Don Quixote is a unique novel because it discusses itself within the pages of itself. For example, when an old notebook of the history of Don Quixote is found at a bazaar in Toledo a Catholic Cannon reminds us that chivalry books do not follow the rules of Aristotelian writing. Also, when Cide Hamete El Benengeli, the book’s fictitious narrator, analyzes Don Quixote’s artistic genres he shows a concern for literature and language that signals Don Quixote’s Metafictionality. Given Don Quixote’s self-reflexive nature the book’s author becomes a character in the story who steps in-and-out of the tale. More largely, by referring to the author throughout the story, Cervantes does not let readers forget they are reading a fictional work. For instance, during the Captive Captain’s tale, we are told that Miguel Cervantes was the only man who emerged unscathed from his slavery. Another feature that defines Don Quixote as a work of Metafiction is that it mentions several works of fiction. For example, during the inquisition of Don Quixote’s library, Cervantes’s Galatea is retained for its original style. Later, when the innkeeper produces Rinconete and Cortadillo, another story by Cervantes, a local priest decides to read The Tale of Inappropriate Curiosity instead. Finally, since Don Quixote tends to call attention to itself as a literary artifact characters within the story are acutely aware that they are in a work of fiction. In brief, since Don Quixote self-consciously evaluates itself throughout its’ story-telling it is fiction about fiction, or Metafictional in nature.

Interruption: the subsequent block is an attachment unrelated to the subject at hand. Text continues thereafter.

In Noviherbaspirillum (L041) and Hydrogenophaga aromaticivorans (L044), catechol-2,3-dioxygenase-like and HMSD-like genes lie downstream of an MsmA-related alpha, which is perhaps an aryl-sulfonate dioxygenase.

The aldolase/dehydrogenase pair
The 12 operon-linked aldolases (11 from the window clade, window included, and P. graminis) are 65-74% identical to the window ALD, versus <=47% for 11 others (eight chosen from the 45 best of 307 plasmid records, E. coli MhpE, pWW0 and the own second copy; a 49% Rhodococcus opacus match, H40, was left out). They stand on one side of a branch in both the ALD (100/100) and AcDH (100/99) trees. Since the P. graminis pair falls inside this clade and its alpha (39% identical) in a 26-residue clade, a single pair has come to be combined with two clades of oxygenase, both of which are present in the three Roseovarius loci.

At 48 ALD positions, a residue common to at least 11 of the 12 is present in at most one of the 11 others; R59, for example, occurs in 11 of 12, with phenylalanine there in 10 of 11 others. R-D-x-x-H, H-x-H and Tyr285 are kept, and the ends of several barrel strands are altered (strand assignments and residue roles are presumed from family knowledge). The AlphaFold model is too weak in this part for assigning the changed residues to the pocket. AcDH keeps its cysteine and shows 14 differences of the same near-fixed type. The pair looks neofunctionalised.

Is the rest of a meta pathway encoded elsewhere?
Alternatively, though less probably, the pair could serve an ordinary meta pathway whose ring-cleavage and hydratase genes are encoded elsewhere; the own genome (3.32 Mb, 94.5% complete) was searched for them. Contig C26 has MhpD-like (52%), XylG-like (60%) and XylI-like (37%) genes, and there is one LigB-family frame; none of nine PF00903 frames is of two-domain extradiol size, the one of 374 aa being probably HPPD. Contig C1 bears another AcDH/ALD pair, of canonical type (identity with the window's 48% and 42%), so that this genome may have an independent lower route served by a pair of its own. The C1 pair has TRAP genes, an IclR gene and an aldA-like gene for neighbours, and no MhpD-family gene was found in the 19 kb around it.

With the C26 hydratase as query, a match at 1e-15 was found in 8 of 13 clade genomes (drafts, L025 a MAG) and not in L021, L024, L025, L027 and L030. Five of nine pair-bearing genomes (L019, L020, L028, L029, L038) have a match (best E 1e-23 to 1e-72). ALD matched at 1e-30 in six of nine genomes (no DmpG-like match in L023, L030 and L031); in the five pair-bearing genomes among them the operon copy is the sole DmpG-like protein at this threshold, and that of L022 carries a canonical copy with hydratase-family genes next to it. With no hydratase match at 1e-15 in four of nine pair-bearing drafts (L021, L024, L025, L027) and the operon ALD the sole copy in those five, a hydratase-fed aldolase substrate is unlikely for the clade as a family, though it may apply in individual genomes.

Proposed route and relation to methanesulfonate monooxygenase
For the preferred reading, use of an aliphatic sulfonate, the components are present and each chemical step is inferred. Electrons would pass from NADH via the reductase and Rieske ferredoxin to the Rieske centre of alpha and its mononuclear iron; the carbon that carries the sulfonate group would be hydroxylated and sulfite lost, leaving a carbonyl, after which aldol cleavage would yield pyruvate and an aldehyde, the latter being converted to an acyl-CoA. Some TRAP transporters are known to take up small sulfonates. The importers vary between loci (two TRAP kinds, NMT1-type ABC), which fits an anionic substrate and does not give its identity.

The gallery of rogues in Don Quixote shows readers that a strong element of Picaresque realism runs throughout the narrative. While picaresque novels usually feature casteless, amoral, outsiders who feel inwardly unrestrained by societies prevailing mores and only appeal to conform to them when they think it suits their needs, Roque Guinart, a violent highwayman, and Gines de Passamonte, a gypsy thief, are a bit different. They rob less money then they can, feel situational frustration and even come to regret their crimes. Unlike Don Quixote, however, whose aim is to do “good to all and harm to none,” these picaros wander about from place to place under the cover of darkness, preying on people to survive. Never soiling their hands with an honest days work, Roque Guinart and Gines de Passamonte murder, deceive, and steal to survive.
In the end, however, Gines de Passamonte, a galley escapee, is chased by the Holy Brotherhood, lest they send him back to jail. To avoid being captured, first, he assumes a gypsy disguise. Then, Gines de Passamonte, extracts people’s money as a one-eyed pupeeter named master pedro. But Don Quixote, mistaking him for a moor, almost lops his head off on stage. Indeed, if Gines de Passamonte he had not ducked and made himself into a ball he would have been decapitated by a swift sword slash. So he ends up wandering the lawless hinterlands of the Sierra Morena dodging the authorities lest they send him to the galleys.
Roque Guinart, on the other hand, has to sleep in places his men cannot find out about since the bounty placed on his head by the Viceroy of Catalonia is so large that he is left nervous and apprehensive that his men may either try to turn him into the authorities to reap a large monetary reward, or kill him to usurp his position.
Don Quixote Worlds First Modern Novel
Don Quixote de La Mancha, written in 1600-1615, is viewed as the world’s first modern novel. Since the book combines prose and verse, poems and stories, for the first time, it was novel, or new, for its time. Before Cervantes wrote Don Quixote literature consisted of devotional poems praising God, heroic epic written to honor the Gods, romantic ditties written for one’s lover, or letter writing novels featuring an epistolalry exchange between several different characters. With the advent of Don Quixote, however, this changed. Now stories were being written about everyday people doing everyday things.